Why Are We Here? Can Therapy Help Me Understand the Meaning of Life?

Dear GoodTherapy.org,

I’ve been doing a lot of thinking lately about some heavy questions. What is the meaning of life? Why are we here? What’s out there? Millions of sperm and I win the race? Why me? Why you? What’s so special about me? What’s so special about you?

I am not a spiritual or religious person. I believe in science and evolution. It’s fascinating to me to look up at the stars and realize the ones I can see represent an incredibly tiny fraction of the number of stars in a universe believed to contain trillions of galaxies. Anyone with even a modest appreciation of mathematics would conclude we cannot possibly be alone. There has to be life, abundant life, elsewhere. What is its purpose? While we’re at it, just for fun, what is space as we know it contained in? What’s beyond space?

I’m not high, I promise. To be fair, I ask these questions fully understanding you cannot answer them. No one can. But the human mind—my mind, at least—seeks answers. My mind is both fascinated and troubled by what it will never know. I guess that’s why I’m writing. What I do know is that therapy purports to help people learn to live with seemingly unanswerable questions. Am I an exceptional case? Do people come to therapy seeking peace with life’s most perplexing questions? Or is the goal of therapy to help people like me deal with/accept not knowing? I’m curious how therapists go about helping people whose concerns go far, far beyond relationship issues, self-loathing, or specific mental health conditions. It’s what I don’t know that is killing me. —Above and Beyond

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Dear Above and Beyond,

I love this question and I am so glad you wrote in with it. Existential psychology is a specialty area within the field of psychology that addresses the discomfort people feel as they grapple with some of life’s unanswerable questions. This part of the field does not get much attention in the mainstream, but it is so very rich. It sounds like you might really benefit from working with a therapist who has expertise in this area.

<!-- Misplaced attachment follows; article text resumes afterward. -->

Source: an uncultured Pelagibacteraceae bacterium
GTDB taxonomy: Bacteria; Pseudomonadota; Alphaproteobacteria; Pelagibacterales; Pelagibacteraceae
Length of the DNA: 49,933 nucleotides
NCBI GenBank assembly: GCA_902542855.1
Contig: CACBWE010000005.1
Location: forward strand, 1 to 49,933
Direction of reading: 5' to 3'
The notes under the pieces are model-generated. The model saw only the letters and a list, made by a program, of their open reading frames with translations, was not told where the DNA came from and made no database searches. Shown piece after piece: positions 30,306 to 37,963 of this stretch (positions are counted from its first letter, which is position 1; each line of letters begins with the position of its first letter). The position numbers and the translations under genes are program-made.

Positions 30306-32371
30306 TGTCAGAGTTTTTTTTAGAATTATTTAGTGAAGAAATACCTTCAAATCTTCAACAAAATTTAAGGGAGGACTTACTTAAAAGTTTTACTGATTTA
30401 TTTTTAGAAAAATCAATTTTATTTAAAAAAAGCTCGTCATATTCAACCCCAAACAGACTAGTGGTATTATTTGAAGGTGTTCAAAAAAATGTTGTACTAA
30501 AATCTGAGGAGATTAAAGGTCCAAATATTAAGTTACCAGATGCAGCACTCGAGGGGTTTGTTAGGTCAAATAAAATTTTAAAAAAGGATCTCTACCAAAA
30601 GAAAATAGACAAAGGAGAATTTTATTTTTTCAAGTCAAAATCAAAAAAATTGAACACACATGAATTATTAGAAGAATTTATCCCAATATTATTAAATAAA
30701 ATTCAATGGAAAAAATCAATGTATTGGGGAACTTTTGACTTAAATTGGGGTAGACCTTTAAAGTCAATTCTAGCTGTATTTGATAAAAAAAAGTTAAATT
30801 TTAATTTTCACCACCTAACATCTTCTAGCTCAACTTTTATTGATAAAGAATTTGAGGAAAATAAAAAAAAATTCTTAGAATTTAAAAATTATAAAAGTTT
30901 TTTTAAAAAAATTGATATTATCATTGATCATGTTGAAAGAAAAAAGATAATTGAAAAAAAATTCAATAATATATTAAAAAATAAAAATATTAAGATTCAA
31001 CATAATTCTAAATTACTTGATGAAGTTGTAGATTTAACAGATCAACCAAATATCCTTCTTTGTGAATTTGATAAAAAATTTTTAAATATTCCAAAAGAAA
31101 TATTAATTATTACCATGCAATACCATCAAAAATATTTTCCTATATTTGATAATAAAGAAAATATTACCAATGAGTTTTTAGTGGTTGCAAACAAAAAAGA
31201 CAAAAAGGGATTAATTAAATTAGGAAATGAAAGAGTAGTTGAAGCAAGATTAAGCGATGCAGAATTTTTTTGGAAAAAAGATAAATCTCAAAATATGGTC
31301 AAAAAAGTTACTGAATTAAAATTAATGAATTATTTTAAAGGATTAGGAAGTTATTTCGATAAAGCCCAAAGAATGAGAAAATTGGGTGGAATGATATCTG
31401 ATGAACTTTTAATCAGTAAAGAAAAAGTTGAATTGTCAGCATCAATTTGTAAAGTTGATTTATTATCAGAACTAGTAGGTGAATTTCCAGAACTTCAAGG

Engaging in existential psychotherapy would provide you with a forum to explore these issues and their meaning to you. Developing an understanding of why these issues trouble you and what they trigger in you would likely be a key part of the process. The aforementioned whys are in many cases actually answerable, and answering them would likely lead you to a deeper understanding of yourself. This can feel quite empowering and clarifying in ways that can be life-changing. It might even make the unanswerable questions less troubling to you. Further, doing so within the context of a therapeutic relationship would enable you to feel safe and secure; therefore, you might not feel the need to preface your concerns with, “I’m not high, I promise.”

Whatever course of action you choose, I encourage you to approach the journey with openness, curiosity, and a great deal of compassion and patience for yourself.

Some mental health professionals who specialize in existential psychotherapy have a background in spirituality and may approach your questions from a position of faith, but many come from a place of understanding what we do know and how we can learn and grow from the knowledge within us. If a therapist’s approach or belief system might be of concern to you, you could always speak with the therapist ahead of time to see where they stand. Finding a good fit for your specific needs is important.

In addition to the discomfort you express as you grapple with these issues, I also hear a genuine intellectual curiosity. With that in mind, I wonder if you would also benefit from taking some academic courses, attending lectures, or reading books and articles in fields such as existential psychology, existential philosophy, astronomy, astrophysics, and cosmology.

Whatever course of action you choose, I encourage you to approach the journey with openness, curiosity, and a great deal of compassion and patience for yourself. I hope your journey leads you to a place of understanding, but most of all, to a place of peace.

Best wishes,

Sarah Noel, MS, LMHC

Sarah Noel, MS, LMHC is a licensed psychotherapist living and working in Brooklyn, New York. She specializes in working with people who are struggling through depression, anxiety, trauma, and major life transitions. She approaches her work from a person-centered perspective, always acknowledging the people she works with as experts on themselves. She is honored and humbled on a daily basis to be able to partner with people at such critical points in their unique journeys.
  • Leave a Comment
  • Abigail

    September 2nd, 2017 at 4:10 PM

    Different modes of therapy can help with so many different things! It could be some simple questions that you might have or if you want to delve into some deeper stuff, then it can help with those too! I would never discount it as an option until you have at least given it a good try, because you never know what kinds of cool things that you can discover as a result!

  • hector

    September 5th, 2017 at 2:49 PM

    Yes, as long as you are willing to accept that your meaning is bound to be totally different from the meaning of another.

  • Allen

    October 2nd, 2021 at 3:53 PM

    I am looking for an existentialist oriented therapist Since I was introduced to existentialism I’m college as a french and German major. I have suffered from extreme anxiety. That was back in the mid-1970s and it really screwed me up. I have tried all other kinds of psychotherapy and medication, but nothing has helped much. I firmly believe that I need a good existential and atheist (or at least agnostic) therapist to help me. Do you fit the bil

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